Cary performer enchants audiences of all ages
It’s a magical night at Sassool, but then every Tuesday night at the restaurant is magical.
Roman Alexander, aka Magic Roman, goes from table to table, making objects vanish, guessing cards, bending coins, eliciting gasps and laughter.
A roving magician might seem quaint, but the families here are happy to be amazed, and Alexander is happy to oblige.
“It’s the thrill of making other people happy; it’s exciting, it’s exhilarating. And to have that influence on someone is powerful,” he said.
Roman Alexander entertains Madelyn Bekerman, 6, and her brother Joey, 4, at Sassool restaurant in Raleigh, which hosts Magic Roman every Tuesday. “The adults enjoy being able to have a meal, and the kids are entertained,” says Noelle Scott, the restaurant’s general manager.
Alexander, who is from Cary, has been performing at the north Raleigh restaurant for two years, and Noelle Scott, the restaurant’s general manager, says the success of its Tuesday family night has much to do with him.
“We wanted to give people a reason to come to family night besides the free kid’s meal,” she said. “Due to him, because he’s awesome, it became such a big thing. There are so many children now, he’s like crowd control, making sure they’re entertained and not running around the store.”
Quick thinking needed
Alexander also performs at private parties, awards banquets, trade shows and other business events. An office might be an odd place for a magician to show up, but Alexander says the magic brings people together. He tells of one show where he had to boost morale — quickly.
“I’ve done shows at offices where I’ll go from cubicle to cubicle, or I’ll stand in the lunchroom and do magic. So I’m doing that basic show for these employees, but the mood was awful,” he said.
It turned out several employees had been laid off that day, and he had to entertain those who were left.
“I grabbed the bosses and the team leads, and brought them around with me. I won’t call it making fun, but I had fun with them,” he said. “I made the employees laugh at their bosses, and that made the bosses happy.”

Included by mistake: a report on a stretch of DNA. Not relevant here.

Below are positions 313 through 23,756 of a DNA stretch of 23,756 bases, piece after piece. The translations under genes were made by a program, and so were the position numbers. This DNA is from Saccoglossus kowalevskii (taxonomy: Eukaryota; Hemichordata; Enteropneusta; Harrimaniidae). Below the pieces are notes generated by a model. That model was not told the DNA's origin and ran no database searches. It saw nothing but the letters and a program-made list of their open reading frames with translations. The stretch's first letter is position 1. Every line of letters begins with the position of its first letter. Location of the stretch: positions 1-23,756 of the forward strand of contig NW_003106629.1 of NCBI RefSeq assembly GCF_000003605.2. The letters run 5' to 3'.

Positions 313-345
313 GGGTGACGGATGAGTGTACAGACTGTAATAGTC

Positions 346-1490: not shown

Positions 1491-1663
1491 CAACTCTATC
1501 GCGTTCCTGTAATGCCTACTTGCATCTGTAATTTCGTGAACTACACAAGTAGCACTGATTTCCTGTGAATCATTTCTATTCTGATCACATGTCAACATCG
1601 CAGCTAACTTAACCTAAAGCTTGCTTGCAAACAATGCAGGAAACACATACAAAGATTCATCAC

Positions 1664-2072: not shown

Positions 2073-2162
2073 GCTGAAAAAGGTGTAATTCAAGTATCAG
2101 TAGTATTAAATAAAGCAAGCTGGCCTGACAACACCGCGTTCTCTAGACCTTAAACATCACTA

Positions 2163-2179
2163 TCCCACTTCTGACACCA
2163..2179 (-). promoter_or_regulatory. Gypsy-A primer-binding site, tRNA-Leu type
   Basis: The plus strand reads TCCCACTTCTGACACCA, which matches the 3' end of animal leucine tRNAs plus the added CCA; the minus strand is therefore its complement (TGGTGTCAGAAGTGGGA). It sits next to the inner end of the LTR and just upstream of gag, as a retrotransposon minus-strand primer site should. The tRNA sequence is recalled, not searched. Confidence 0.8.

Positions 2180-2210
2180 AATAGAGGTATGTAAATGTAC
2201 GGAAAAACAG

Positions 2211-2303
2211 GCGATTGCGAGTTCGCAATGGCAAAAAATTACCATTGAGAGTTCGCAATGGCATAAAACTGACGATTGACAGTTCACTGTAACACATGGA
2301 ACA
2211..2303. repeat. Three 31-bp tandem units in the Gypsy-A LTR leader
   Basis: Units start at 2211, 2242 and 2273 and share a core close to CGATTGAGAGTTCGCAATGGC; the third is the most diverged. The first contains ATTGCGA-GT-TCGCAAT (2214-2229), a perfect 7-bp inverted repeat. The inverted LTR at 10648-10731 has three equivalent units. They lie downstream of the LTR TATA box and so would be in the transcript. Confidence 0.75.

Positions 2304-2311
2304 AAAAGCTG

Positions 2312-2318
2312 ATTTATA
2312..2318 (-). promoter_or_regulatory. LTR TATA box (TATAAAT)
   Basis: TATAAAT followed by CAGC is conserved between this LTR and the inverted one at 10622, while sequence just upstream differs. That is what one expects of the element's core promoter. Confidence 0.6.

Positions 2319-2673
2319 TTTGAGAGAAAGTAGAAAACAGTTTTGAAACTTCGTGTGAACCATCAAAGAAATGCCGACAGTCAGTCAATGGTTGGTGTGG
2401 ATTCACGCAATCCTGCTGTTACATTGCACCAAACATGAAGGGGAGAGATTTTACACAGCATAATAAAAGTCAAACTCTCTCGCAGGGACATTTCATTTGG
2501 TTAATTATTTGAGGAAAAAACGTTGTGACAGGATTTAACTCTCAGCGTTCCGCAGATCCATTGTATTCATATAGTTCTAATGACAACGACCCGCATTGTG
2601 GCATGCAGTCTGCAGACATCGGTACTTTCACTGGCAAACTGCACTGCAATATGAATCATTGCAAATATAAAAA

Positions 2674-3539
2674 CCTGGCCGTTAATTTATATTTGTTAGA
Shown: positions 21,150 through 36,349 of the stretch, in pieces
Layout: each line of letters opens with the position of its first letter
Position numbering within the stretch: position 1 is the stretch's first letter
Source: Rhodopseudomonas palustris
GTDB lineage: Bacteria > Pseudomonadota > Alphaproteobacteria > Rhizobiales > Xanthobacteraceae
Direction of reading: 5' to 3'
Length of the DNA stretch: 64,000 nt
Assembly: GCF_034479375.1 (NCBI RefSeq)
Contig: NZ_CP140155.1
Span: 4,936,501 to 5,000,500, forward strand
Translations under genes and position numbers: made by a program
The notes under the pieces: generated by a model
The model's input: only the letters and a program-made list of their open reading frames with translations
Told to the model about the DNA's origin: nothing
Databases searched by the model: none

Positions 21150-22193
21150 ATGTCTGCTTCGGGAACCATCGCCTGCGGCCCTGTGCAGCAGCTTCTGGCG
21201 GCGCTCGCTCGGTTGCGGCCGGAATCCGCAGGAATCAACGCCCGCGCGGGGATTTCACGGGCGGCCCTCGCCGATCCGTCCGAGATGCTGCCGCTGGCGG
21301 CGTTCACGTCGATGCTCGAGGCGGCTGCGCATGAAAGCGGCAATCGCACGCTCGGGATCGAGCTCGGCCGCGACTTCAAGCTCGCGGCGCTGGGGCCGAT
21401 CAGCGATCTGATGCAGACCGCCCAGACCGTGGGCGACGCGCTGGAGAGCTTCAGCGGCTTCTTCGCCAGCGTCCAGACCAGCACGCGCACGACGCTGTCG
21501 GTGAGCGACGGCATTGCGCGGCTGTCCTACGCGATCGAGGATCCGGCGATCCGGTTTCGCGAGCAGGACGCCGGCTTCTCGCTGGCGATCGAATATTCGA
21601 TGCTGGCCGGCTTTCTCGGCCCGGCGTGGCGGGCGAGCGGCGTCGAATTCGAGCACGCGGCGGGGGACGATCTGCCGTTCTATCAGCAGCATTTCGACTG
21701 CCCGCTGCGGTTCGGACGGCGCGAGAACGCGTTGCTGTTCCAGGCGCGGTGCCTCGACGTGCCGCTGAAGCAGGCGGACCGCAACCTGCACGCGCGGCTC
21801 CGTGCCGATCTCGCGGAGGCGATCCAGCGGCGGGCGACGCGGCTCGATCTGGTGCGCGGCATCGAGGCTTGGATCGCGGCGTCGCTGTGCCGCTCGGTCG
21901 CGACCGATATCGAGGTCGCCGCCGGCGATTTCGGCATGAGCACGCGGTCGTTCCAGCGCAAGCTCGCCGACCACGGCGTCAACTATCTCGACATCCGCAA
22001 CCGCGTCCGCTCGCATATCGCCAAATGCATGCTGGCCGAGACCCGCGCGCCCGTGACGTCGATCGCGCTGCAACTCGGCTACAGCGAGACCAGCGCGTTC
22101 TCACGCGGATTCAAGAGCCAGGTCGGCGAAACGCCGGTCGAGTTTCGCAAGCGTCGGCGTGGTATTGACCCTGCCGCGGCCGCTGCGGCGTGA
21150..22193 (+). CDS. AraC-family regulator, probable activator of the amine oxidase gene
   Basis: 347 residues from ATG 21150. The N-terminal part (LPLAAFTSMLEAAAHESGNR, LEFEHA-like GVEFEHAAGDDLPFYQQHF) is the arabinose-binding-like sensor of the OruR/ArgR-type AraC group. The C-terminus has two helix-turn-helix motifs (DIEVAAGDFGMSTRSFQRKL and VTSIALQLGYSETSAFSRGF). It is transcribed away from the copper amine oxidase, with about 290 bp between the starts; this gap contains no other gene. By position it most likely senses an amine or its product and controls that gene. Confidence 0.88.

Magic also has cross-cultural appeal, and can smooth social interactions, he says.
In addition to his area performances, Roman Alexander writes for The Linking Ring, a trade magazine for magicians, and is working on a documentary about life as a magician.
Recently SAS hired Alexander to perform at a meeting with the company’s international partners, many coming from India and China. Although everyone could speak English, it was with varying fluency.
“I had to use the miming, the acting, the smiling and the body language to get some of these people to interact,” he said. “I had to work not to bore the people who could speak English, and at the same time, not confuse the guys who may not know what an American coin looks like.”
‘I know how this one’s done’
But sometimes magic can be a tricky business; not everyone likes to be deceived. Confusion is common and occasionally people will get angry, Alexander says. And then there are the hecklers.
“It’s very common in the magic world for people to say, ‘I know how this one’s done,’” he explained. “There are fun hecklers, silly hecklers. My mom is a sweet heckler. She will say, ‘Hey do the one …’ and she’ll spoil the trick by revealing the end.”
The details of his tricks are easily found out thanks to YouTube videos, but the real magic lies in practice and preparation. Alexander’s muscled, calloused hands attest to the hours he spends manipulating cards and coins.
“I practice every day, all day, pretty much everywhere I go,” he said. “There are cards in my friends’ cars. I leave cards and coins for practicing at restaurants. There are coins, pieces of string and rope, in my car. I practice with paper clips, with rubber bands. It’s a constant, regular practice.”
Because the profession demands years of work to gain proficiency, few young magicians are picking up the top hat and trick cards, says Alexander, this despite a common grade-school fascination with magic tricks.
Alexander didn’t have Harry Potter to pique his interest, but he did have a talented uncle. Alexander remembers seeing his first trick when he was 6.
“My uncle Thomas Marsh took a block of wood, put it in my hand, wrapped his hands around mine — and made it vanish. I opened up my hands and the block of wood was gone,” said Alexander, 46. “To this day, I’m not sure exactly how he did it.”
A distastrous beginning?
That trick sparked his interest, and his first performance fanned the flames.
“At a talent show in middle school, I did a card trick and a vanishing egg trick,” said Alexander. “They both went miserably, terribly wrong.”
Dustin Williams, 5, is happy to help Magic Roman with a card trick during a Tuesday “kid’s night” performance at the Raleigh Sassool. The Cary location will host the magician Monday, June 20.
At first, everything was fine. He found a volunteer’s card, and made an egg disappear. Then a heckler broke his concentration; his nervous fingers let his props hit the stage, cards scattering, egg breaking, leaving him with a gooey mess and acute embarrassment.
But he did hoodwink some of his classmates.
“They came to me later, asking ‘How did you make that girl pick the card you said she was going to pick?’ and ‘How did you make the egg vanish?’ I couldn’t believe I’d actually fooled someone.”
The horrible performance didn’t deter him; in fact it just egged him on. His delight in actually succeeding made him want to do more magic. More than 30 years later, this delight still fuels his work.
“It’s nice to be paid to have fun,” he said.